Originally printed in the January 2019 issue of Produce Business.
Keys to keeping the category strong all year long.
Not long ago, most consumers thought of tropical fruits as bananas, pineapples and maybe coconuts. With shifting ethnic demographics in the United States, mangos and papayas have gone mainstream, and thanks to more adventurous consumer palates, lychees, passion fruit and dragon fruit are gaining traction. Vegans recently have discovered jackfruit is a great meat-like substitute for pulled pork. These trends present both opportunities and challenges for produce executives looking to satisfy demand for tropicals.
“Up until a few years ago stores didn’t really focus on tropical fruits,” says Robert Schueller, director of public relations for Melissa’s/World Variety Produce, Los Angeles. “They thought, ‘I don’t have Asian consumers so why would I have jackfruit, lychee and rambutans,’ or ‘I don’t have Latin clientele so why would I carry so many varieties of papayas, coconuts and mangos?’ Now, we are seeing stores carrying these different varieties because they want to be considered a one-stop shop.”
As the category continues to grow, there are a few basic things retailers can do to keep tropicals selling year-round.
According to Dionysios Christou, vice president marketing, Del Monte Fresh Produce, based in Coral Gables, FL, “Tropical produce is typically those fresh items that grow within a narrow band north and south of the Equator.” Christou acknowledges, however, that this definition has expanded lately to include all exotic produce regardless of growing area.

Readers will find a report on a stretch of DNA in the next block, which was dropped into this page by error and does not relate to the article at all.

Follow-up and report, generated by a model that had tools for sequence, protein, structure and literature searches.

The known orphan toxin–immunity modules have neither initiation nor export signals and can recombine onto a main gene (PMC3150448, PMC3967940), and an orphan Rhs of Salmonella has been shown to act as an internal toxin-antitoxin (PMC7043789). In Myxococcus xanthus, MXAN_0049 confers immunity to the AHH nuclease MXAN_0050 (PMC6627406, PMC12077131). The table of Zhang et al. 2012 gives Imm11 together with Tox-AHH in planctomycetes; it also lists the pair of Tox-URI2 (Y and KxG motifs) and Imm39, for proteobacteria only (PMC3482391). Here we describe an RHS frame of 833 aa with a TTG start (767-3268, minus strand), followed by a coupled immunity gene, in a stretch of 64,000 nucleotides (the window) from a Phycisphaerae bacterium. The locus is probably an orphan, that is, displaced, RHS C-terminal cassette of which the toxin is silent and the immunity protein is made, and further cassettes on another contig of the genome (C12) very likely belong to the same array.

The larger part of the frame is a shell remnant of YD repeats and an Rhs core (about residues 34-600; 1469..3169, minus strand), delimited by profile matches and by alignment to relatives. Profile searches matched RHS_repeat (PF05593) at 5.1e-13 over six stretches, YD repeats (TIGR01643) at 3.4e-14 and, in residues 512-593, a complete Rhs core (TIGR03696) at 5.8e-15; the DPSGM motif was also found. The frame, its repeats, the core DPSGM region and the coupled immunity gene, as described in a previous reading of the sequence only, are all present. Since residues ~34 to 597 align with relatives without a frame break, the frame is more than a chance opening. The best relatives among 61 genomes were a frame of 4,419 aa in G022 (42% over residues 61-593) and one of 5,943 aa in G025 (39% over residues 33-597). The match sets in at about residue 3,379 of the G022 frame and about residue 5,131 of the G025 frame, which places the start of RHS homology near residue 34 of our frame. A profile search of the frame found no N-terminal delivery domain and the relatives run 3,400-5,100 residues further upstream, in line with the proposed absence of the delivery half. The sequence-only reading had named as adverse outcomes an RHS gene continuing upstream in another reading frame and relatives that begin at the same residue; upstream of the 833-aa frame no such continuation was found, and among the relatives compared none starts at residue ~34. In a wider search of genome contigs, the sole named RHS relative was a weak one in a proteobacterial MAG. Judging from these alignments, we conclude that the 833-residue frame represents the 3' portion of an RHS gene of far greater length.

“Retailers need to ensure that the products selected do indeed fall under the tropical category,” she says. “Retailers should also consider product availability. It is important to leverage opportunities with products when they are available, since not all are obtainable year-round.”
To help retailers decide what tropical commodities to stock and promote, they need to think about their overall goal. According to Alex Jackson Berkley, sales manager, Frieda’s Specialty Produce, Los Alamitos CA, retailers need to ask themselves, “Do they want to move volume; do they want to have a wide variety of specialties to inspire the shopper; do they want to focus on five items and execute those really well?” Once produce executives have answered these questions and established goals, choosing what items to carry will become easier.
Of course, much of this will be determined by their customer base as Ronnie Cohen, vice president of sales at Vision Import Group, Hackensack, NJ, points out. “Each banner and each footprint will vary depending on what community it is serving,” says Cohen. “One person’s store you may consider mainstream for a tropical item while others consider it as specialty or exotic.” The bottom line, Cohen stresses, is to know your customers.